Though the Illumina sequencing platform presents limitations with its chemistry and short-read assembly [34, 35], the platform was selected for this study for its simple workflow and scalability. Paired-end Illumina DNA sequencing was used to allow detection of rearrangements and sequence variances such as insertions, deletions, and inversions [36]. The open availability of bioinformatics tools for computational post-processing of DNA sequence reads provided a systematic process for contiguous sequence fragment reconstruction and SNP identification within the individual reads. The SNP island discovery process was focused by tunable parameters, such as SNP island sequence length and numbers of variants it contains as well as their conserved flanking region characteristics. These constraints allow TIA to select sequences that would conform to the Illumina sequencing chemistry. In accomplishing this, TIA defined a high-variance segment of sequence, or SNP island, as a stretch of bases not exceeding 400 bp. Each high-variance segment contained at least the minimum number of impactful SNPs, where an impactful SNP was defined as one with reported global allele frequency within a threshold of 30% to 70% variance. Further, the algorithm defined flanking low-variance sequences as those containing at least 150 bp of conserved sequence with SNP frequencies of ≤0.5% or ≥ 99.5%. Manipulation of the filter parameters permits the modification of SNP island target regions and their conserved flanking regions, allowing the user to quickly design SNP island targets that are tailored to the application.

TIA can be expanded beyond identity-linked SNPs to include ancestry or phenotype. For example, SNP island discovery using TIA can be designed using population-specific characteristics such as ancestry or ethnicity for the development of a targeted SNP panel, selective for a given population type. It has been noted that one of the most important criteria of an informative SNP is its compatibility with sequencing chemistries [12]. To address this, the algorithmic parameters in the TIA genome filters can be modified to accommodate other sequencing chemistries like those of Pacific Biosciences and Ion Torrent, requiring sequence specifications that differ from those of the Illumina platform (data not shown).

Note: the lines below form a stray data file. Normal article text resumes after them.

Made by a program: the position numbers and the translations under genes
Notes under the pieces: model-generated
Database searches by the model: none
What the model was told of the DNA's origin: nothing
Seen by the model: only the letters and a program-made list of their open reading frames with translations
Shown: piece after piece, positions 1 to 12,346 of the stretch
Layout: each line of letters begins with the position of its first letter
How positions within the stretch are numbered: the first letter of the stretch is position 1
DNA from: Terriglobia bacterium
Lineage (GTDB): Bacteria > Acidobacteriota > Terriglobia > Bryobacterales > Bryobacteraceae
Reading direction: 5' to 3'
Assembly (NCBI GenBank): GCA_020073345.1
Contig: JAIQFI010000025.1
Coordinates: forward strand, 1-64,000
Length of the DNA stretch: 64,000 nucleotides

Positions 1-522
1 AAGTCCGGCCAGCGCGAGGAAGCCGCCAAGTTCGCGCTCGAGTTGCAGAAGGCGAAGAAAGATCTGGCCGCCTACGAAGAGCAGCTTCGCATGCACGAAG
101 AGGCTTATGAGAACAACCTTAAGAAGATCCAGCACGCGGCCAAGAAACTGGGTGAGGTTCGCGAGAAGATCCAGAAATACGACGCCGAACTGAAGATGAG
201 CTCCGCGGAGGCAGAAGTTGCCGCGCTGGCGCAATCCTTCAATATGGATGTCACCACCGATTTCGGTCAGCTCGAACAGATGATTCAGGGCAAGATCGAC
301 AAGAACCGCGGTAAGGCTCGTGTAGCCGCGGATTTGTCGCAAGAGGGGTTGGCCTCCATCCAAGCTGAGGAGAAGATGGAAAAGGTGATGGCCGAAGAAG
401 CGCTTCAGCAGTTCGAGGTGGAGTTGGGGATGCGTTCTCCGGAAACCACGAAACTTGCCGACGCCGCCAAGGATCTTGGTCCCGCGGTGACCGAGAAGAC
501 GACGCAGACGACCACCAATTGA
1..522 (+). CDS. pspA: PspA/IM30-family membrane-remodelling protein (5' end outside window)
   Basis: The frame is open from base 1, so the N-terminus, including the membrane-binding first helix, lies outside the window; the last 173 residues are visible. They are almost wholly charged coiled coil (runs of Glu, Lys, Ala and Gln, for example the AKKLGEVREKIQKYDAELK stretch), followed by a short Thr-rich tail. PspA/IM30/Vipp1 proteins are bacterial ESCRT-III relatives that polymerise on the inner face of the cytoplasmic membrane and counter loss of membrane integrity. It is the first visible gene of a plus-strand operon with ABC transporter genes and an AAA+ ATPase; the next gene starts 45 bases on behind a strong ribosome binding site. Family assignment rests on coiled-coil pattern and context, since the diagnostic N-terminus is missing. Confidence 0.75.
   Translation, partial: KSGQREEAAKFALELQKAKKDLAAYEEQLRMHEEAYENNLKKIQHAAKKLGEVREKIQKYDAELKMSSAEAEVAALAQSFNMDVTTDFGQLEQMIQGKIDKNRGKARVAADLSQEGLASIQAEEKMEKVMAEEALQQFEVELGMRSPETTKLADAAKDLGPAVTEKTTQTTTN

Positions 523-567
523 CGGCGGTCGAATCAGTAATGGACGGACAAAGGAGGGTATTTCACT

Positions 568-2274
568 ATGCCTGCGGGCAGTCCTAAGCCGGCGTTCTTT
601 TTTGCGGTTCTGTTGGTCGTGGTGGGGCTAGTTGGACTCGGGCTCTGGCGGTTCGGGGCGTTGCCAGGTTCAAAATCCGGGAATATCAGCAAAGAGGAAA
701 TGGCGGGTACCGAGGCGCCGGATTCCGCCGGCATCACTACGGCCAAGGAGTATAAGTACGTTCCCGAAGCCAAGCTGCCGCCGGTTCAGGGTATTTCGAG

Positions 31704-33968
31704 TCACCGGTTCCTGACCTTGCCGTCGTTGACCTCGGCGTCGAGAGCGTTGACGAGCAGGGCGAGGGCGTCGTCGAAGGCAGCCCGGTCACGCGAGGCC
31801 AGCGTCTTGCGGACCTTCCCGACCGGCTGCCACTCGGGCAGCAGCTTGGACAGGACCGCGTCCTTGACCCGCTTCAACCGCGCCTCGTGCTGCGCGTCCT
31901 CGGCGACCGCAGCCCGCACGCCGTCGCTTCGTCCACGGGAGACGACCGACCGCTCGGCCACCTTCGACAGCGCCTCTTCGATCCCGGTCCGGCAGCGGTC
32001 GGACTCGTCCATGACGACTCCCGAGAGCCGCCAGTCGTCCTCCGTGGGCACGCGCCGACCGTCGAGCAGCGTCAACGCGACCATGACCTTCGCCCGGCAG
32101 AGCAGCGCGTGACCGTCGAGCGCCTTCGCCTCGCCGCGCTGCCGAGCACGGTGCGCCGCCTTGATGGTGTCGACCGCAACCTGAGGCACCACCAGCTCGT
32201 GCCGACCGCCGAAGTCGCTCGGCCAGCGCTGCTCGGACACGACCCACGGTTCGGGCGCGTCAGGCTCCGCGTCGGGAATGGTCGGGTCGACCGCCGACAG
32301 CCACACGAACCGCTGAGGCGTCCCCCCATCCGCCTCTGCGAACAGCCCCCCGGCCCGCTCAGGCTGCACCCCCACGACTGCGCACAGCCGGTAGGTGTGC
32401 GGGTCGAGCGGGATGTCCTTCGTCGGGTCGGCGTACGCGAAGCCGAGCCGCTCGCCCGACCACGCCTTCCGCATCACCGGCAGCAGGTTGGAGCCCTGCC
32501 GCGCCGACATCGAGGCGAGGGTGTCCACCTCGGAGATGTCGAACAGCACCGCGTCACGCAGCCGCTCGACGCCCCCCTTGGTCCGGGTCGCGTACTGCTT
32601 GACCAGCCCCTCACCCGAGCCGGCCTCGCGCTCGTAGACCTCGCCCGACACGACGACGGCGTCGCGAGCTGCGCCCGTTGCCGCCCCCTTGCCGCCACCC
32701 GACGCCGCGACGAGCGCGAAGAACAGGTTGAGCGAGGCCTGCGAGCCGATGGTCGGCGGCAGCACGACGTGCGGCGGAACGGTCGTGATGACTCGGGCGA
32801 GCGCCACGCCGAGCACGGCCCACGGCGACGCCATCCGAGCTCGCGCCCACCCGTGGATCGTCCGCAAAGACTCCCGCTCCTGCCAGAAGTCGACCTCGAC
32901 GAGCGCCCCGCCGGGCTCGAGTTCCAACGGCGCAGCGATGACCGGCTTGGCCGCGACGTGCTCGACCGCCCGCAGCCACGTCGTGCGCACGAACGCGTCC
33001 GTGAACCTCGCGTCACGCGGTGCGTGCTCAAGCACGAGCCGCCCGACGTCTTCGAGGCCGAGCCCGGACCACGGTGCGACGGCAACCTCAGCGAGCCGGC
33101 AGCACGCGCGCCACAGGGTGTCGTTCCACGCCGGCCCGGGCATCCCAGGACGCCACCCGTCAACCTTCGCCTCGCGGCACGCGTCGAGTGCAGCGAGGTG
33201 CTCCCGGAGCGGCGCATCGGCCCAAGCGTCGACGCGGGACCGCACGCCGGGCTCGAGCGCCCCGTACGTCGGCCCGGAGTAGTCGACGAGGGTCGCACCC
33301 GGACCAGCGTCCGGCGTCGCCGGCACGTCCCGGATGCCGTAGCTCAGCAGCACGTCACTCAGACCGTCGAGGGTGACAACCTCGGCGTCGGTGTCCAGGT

Each SNP island contained a minimum of 3, 4, or 5 identity-relevant SNPs as determined by global frequency calculations represented within the 1000 Genomes Project Database. As the SNP profiles of individual contributors were defined for the SNP island regions, 143 identity-relevant SNPs were recognized beyond those selected by the algorithms. In some instances, these additional SNPs did not meet the thresholds defined by the algorithmic filters of 30%–70% global frequency, and in other instances, the SNPs were not defined within the 1000 Genomes Project Database, indicating the detection of previously undefined SNPs (Additional file 1: Table S1). These results highlight the known limitations of databases like the 1000 Genomes Project Database for under-representing the SNP allele frequencies of the global human population [13]. Expansion of the 1000 Genomes Project Database and other similar databases have been noted as a means to provide a greater resolution to the global human genome variance [1, 13]. As these types of databases continue to expand, the numbers of identified SNPs and their relative global population frequencies will gain in fidelity.

Evaluation of the SNPs from the suite of 27 islands selected to differentiate fifteen individuals provided insight into the degree of individual discerning power within each SNP island (Fig. 3). As anticipated, there were varying efficiencies between regions chosen for target islands, observing variance at low, moderate, and high occurrences. Of the islands evaluated against contributor gDNA, island targets ERBB4, MAP3K7, RPA3-AS1, and ANO2 contain a higher profile variance than other SNP islands, indicating a higher recombination frequency within the sequences of those islands. The higher variance within these islands across contributors makes them more powerful for discerning individual identity.